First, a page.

A top European Union official said on Monday that the worsening situation in Ukraine is hurting the Russian economy more than the economies of the EU.
Releasing the EU's 2014 and 2015 economic forecasts, acting Economic Affairs Commissioner Siim Kallas said the Russian economy had "already shown signs of decline" as a result of the tension in Ukraine.
In particular, he pointed to the capital flowing out of Russia as a direct consequence of Russia's hard line on Ukraine since it annexed the Crimean peninsula in February.
Kallas said there "is such volatility and money is running out of the country", and added that the Russian currency had fallen substantially as a result of the crisis.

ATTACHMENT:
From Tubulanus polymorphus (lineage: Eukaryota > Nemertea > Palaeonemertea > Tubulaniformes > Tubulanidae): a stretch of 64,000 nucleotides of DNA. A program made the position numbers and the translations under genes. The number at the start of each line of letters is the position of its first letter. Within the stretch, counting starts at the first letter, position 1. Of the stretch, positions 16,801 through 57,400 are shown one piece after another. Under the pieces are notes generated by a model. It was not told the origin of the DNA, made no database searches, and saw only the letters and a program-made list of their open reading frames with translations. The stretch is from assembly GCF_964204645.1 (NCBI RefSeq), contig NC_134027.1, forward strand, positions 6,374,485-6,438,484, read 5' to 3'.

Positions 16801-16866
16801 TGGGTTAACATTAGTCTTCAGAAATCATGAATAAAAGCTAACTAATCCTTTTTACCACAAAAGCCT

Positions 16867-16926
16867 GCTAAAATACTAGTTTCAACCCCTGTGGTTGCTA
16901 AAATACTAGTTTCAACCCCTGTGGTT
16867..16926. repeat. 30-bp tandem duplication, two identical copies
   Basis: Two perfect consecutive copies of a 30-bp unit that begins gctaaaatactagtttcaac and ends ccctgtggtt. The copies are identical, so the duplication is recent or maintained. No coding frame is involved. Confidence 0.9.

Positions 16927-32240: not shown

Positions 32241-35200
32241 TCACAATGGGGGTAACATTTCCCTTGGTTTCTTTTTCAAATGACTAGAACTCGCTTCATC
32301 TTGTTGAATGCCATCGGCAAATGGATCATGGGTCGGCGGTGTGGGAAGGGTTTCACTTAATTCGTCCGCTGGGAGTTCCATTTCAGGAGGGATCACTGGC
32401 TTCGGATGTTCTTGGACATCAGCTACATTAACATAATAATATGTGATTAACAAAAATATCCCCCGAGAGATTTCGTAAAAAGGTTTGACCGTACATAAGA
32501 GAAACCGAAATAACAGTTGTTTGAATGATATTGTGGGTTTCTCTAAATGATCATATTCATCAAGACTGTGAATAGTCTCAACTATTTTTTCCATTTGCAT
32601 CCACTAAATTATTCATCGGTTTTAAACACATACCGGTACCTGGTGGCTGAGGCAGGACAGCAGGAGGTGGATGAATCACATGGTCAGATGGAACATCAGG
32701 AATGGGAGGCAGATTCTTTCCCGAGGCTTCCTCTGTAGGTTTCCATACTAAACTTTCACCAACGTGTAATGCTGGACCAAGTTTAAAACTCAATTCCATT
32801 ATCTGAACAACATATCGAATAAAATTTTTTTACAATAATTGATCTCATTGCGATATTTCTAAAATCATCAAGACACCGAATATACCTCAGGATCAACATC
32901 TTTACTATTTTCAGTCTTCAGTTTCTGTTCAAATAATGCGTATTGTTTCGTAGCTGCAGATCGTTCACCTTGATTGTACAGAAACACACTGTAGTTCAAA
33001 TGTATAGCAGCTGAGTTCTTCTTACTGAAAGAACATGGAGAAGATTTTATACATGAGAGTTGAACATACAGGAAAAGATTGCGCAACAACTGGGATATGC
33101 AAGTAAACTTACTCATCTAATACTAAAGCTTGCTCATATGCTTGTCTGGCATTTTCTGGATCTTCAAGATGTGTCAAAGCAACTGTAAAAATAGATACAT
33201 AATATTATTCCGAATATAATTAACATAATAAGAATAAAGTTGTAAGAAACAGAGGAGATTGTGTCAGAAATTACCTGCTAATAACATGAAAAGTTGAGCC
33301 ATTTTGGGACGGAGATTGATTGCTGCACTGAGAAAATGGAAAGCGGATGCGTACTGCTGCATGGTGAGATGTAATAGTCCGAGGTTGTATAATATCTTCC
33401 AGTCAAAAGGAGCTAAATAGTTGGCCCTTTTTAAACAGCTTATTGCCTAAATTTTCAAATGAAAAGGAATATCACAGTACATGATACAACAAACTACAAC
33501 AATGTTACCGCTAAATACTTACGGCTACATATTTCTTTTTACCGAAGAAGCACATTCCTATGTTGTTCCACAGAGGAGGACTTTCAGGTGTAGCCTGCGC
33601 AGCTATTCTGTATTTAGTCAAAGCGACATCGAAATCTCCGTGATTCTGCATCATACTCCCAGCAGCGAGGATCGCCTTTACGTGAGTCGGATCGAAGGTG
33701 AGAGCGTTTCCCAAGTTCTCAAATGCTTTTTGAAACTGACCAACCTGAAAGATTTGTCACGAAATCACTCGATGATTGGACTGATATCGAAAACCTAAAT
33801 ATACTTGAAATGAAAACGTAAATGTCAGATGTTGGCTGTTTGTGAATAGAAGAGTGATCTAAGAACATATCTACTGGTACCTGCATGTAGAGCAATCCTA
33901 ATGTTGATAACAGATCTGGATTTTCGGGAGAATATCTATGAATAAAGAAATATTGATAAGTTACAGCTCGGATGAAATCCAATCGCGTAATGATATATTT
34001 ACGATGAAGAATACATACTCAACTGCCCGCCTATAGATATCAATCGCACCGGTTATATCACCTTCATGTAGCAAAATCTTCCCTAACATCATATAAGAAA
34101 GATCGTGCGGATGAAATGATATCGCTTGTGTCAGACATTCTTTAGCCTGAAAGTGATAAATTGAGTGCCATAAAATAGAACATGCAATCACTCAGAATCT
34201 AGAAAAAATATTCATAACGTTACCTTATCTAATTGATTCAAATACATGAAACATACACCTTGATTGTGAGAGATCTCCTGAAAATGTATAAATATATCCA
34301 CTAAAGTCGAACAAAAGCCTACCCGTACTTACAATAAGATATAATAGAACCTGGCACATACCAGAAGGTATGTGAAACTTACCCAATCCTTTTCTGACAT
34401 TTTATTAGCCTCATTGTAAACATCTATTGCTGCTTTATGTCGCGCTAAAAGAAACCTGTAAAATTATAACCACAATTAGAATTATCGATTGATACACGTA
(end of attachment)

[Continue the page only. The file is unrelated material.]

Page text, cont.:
He also warned that if Russia were to disrupt gas supplies to the EU, it would mean "substantial financial losses" which would hurt a Russian economy already in recession.
However, Kallas conceded that the "worst scenario" examined by the EU is that of the Ukrainian crisis having a negative impact on growth across the 28-member bloc, which could arise should Russia impose restrictions on the movement of capital.
"That would have an impact on the European economy... certainly, the war is a costly exercise," Kallas said, warning that EU economies with closer ties to Russia, including Finland and Cyprus, were the most vulnerable.